Tomatoes – 500g
Out of stock
Organically grown without pesticides and fertilizers by local PGS organic grower – African Marmalade.
The tomato (Solanum lycopersicum) is a fruit from the nightshade family native to South America.
Despite botanically being a fruit, it’s generally eaten and prepared like a vegetable.
Tomatoes are the major dietary source of the antioxidant lycopene, which has been linked to many health benefits, including reduced risk of heart disease and cancer.
They are also a great source of vitamin C, potassium, folate, and vitamin K.
Usually red when mature, tomatoes can also come in a variety of colors, including yellow, orange, green, and purple. What’s more, many subspecies of tomatoes exist with different shapes and flavor.
Here are the nutrients in a small (100-gram) raw tomato.
- Calories: 18
- Water: 95%
- Protein: 0.9 grams
- Carbs: 3.9 grams
- Sugar: 2.6 grams
- Fiber: 1.2 grams
- Fat: 0.2 grams
Carbs comprise 4% of raw tomatoes, which amounts to fewer than 5 grams of carbs for a medium specimen (123 grams).
Simple sugars, such as glucose and fructose, make up almost 70% of the carb content.
Tomatoes are a good source of fiber, providing about 1.5 grams per average-sized tomato.
Most of the fibers (87%) in tomatoes are insoluble, in the form of hemicellulose, cellulose, and lignin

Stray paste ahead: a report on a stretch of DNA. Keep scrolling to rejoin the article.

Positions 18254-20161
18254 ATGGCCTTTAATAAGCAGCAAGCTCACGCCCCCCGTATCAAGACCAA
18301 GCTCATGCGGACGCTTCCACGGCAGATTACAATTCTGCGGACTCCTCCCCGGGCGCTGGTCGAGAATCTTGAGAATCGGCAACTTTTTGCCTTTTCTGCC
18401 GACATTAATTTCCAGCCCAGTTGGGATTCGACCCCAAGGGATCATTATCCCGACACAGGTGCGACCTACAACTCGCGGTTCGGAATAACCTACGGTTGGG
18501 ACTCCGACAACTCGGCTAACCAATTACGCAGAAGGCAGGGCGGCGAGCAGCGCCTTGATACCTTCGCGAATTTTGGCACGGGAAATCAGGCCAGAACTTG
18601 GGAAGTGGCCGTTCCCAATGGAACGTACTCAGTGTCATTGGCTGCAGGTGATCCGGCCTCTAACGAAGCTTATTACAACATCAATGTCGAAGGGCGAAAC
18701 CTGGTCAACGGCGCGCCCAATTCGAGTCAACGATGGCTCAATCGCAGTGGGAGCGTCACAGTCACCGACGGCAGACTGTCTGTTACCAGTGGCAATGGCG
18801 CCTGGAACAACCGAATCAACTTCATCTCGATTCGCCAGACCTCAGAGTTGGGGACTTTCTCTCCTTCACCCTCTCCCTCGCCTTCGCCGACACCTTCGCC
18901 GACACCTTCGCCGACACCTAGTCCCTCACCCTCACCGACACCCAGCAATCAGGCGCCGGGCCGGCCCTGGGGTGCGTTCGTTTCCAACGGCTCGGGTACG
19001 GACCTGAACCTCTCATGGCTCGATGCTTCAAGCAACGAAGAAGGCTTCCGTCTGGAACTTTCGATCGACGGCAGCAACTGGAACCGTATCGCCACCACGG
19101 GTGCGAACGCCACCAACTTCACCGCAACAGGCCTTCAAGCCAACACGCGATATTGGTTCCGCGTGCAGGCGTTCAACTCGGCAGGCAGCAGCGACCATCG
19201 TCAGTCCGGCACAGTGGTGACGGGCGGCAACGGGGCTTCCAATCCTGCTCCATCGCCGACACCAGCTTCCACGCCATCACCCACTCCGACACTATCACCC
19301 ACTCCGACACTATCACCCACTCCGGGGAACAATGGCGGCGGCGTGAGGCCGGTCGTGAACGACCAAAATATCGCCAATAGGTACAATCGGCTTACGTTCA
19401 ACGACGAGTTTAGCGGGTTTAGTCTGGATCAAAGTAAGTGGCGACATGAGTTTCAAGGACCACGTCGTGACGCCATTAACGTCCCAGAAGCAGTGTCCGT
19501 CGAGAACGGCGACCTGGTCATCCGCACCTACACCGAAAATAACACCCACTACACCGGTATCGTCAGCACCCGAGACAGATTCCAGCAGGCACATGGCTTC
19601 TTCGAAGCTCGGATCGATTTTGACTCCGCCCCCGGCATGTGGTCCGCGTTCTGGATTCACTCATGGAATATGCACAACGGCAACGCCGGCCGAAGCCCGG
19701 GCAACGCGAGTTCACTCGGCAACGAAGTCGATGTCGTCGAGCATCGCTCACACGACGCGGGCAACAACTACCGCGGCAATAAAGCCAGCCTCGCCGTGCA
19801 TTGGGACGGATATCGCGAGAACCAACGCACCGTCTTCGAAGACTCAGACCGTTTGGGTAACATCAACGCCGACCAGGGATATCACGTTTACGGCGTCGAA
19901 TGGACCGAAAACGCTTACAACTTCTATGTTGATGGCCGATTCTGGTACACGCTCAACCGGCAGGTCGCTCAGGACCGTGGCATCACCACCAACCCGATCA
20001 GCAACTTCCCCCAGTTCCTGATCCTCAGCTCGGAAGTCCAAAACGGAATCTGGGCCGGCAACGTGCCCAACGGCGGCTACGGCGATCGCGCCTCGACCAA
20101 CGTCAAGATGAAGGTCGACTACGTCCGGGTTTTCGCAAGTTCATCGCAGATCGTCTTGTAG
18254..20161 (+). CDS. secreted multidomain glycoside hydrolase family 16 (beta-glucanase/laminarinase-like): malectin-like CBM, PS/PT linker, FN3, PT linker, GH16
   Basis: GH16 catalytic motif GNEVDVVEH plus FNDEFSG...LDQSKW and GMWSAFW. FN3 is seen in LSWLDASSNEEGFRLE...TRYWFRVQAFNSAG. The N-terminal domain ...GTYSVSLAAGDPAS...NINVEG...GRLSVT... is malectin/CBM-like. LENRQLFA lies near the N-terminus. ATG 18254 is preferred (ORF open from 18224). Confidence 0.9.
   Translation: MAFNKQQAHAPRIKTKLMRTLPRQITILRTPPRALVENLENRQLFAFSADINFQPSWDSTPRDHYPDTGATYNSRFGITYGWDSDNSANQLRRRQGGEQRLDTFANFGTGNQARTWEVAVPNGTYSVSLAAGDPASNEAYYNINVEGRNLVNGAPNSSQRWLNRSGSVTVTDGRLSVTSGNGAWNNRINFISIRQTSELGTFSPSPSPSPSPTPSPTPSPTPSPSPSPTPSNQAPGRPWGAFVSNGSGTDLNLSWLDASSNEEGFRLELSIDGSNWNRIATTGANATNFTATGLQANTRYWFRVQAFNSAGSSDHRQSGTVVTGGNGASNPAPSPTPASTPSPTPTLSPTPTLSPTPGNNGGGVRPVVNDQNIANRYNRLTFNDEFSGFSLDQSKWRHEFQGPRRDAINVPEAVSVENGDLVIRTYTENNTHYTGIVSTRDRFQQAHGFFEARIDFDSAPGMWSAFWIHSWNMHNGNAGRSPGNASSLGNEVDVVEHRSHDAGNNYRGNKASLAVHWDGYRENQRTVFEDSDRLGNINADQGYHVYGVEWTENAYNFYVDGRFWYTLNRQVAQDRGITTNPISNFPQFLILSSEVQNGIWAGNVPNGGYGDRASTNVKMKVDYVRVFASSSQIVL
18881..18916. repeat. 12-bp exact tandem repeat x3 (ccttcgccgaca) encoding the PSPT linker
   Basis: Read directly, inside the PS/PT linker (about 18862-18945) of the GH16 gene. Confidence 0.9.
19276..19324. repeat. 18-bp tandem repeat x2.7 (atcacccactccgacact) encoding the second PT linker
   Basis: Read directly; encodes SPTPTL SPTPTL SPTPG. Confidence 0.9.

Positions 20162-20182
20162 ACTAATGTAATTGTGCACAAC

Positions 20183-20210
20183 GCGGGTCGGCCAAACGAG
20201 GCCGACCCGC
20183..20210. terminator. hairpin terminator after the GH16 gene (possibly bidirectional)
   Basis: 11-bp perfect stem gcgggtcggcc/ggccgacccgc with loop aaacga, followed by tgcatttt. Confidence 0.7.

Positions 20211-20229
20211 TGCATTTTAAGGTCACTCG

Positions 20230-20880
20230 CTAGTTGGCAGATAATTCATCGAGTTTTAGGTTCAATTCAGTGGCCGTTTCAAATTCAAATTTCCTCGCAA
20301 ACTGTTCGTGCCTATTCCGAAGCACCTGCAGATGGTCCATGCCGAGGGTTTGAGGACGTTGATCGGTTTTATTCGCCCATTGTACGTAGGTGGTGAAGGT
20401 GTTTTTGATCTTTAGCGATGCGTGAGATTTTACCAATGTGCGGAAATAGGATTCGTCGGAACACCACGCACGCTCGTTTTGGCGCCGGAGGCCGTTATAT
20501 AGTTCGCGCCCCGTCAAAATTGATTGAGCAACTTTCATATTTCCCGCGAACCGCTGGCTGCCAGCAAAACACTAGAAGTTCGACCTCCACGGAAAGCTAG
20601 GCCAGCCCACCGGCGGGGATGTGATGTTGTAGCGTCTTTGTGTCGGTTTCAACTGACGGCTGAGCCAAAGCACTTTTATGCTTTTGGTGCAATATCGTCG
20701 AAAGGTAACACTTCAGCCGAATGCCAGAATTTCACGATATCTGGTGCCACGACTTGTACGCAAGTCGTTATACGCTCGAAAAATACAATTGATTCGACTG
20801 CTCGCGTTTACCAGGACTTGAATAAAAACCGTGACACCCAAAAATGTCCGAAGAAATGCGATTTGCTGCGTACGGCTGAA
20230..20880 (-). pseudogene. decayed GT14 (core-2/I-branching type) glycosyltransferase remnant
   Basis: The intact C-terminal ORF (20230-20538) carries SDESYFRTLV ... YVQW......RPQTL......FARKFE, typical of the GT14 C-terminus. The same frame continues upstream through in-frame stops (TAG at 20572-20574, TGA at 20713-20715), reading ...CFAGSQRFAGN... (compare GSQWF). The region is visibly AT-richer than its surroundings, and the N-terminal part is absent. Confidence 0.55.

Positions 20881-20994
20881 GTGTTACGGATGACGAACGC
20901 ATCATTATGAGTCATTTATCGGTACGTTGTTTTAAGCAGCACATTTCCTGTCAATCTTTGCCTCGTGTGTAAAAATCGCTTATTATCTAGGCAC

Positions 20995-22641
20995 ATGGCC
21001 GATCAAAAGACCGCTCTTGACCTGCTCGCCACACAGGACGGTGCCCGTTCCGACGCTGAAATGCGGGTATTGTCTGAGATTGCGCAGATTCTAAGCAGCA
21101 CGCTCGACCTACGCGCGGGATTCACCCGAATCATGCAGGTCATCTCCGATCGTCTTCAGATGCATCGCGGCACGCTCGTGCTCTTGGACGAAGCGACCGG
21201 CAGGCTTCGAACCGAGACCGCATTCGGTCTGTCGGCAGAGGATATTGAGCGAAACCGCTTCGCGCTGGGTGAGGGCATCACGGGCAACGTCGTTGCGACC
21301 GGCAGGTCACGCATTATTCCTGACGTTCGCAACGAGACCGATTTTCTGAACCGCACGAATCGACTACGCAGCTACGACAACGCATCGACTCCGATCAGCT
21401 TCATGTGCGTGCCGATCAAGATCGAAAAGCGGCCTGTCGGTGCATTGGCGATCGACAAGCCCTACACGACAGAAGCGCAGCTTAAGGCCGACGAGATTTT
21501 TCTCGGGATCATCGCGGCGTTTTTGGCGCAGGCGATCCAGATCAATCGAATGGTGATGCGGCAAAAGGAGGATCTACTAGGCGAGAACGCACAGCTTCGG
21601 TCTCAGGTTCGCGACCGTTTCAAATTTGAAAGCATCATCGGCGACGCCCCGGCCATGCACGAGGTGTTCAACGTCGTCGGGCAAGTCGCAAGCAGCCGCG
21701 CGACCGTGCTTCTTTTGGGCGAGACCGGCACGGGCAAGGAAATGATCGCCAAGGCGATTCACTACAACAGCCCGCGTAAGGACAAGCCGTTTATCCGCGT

Tomatoes are a good source of several vitamins and minerals:
- Vitamin C. This vitamin is an essential nutrient and antioxidant. One medium-sized tomato can provide about 28% of the Reference Daily Intake (RDI).
- Potassium. An essential mineral, potassium is beneficial for blood pressure control and heart disease prevention (3Trusted Source).
- Vitamin K1. Also known as phylloquinone, vitamin K is important for blood clotting and bone health.
- Folate (vitamin B9). One of the B vitamins, folate is important for normal tissue growth and cell function. It’s particularly important for pregnant women
The content of vitamins and plant compounds in tomatoes can vary greatly between varieties and sampling periods.
The main plant compounds in tomatoes are:
- Lycopene. A red pigment and antioxidant, lycopene has been extensively studied for its beneficial health effects (11Trusted Source).
- Beta carotene. An antioxidant that often gives foods a yellow or orange hue, beta carotene is converted into vitamin A in your body.
- Naringenin. Found in tomato skin, this flavonoid has been shown to decrease inflammation and protect against various diseases in mice (12Trusted Source).
- Chlorogenic acid. A powerful antioxidant compound, chlorogenic acid may lower blood pressure in people with elevated levels.
Chlorophylls and carotenoids like lycopene are responsible for the rich color of tomatoes.
When the ripening process starts, the chlorophyll (green) is degraded and carotenoids (red) are synthesized.
Lycopene — the most abundant carotenoid in ripened tomatoes — is particularly noteworthy when it comes to the fruit’s plant compounds.
It’s found in the highest concentrations in the skin.
Generally, the redder the tomato, the more lycopene it has.
Tomato products — such as ketchup, tomato juice, tomato paste, and tomato sauces — are the richest dietary sources of lycopene in the Western diet, providing over 80% of dietary lycopene in the United States.
Gram for gram, the amount of lycopene in processed tomato products is often much higher than in fresh tomatoes .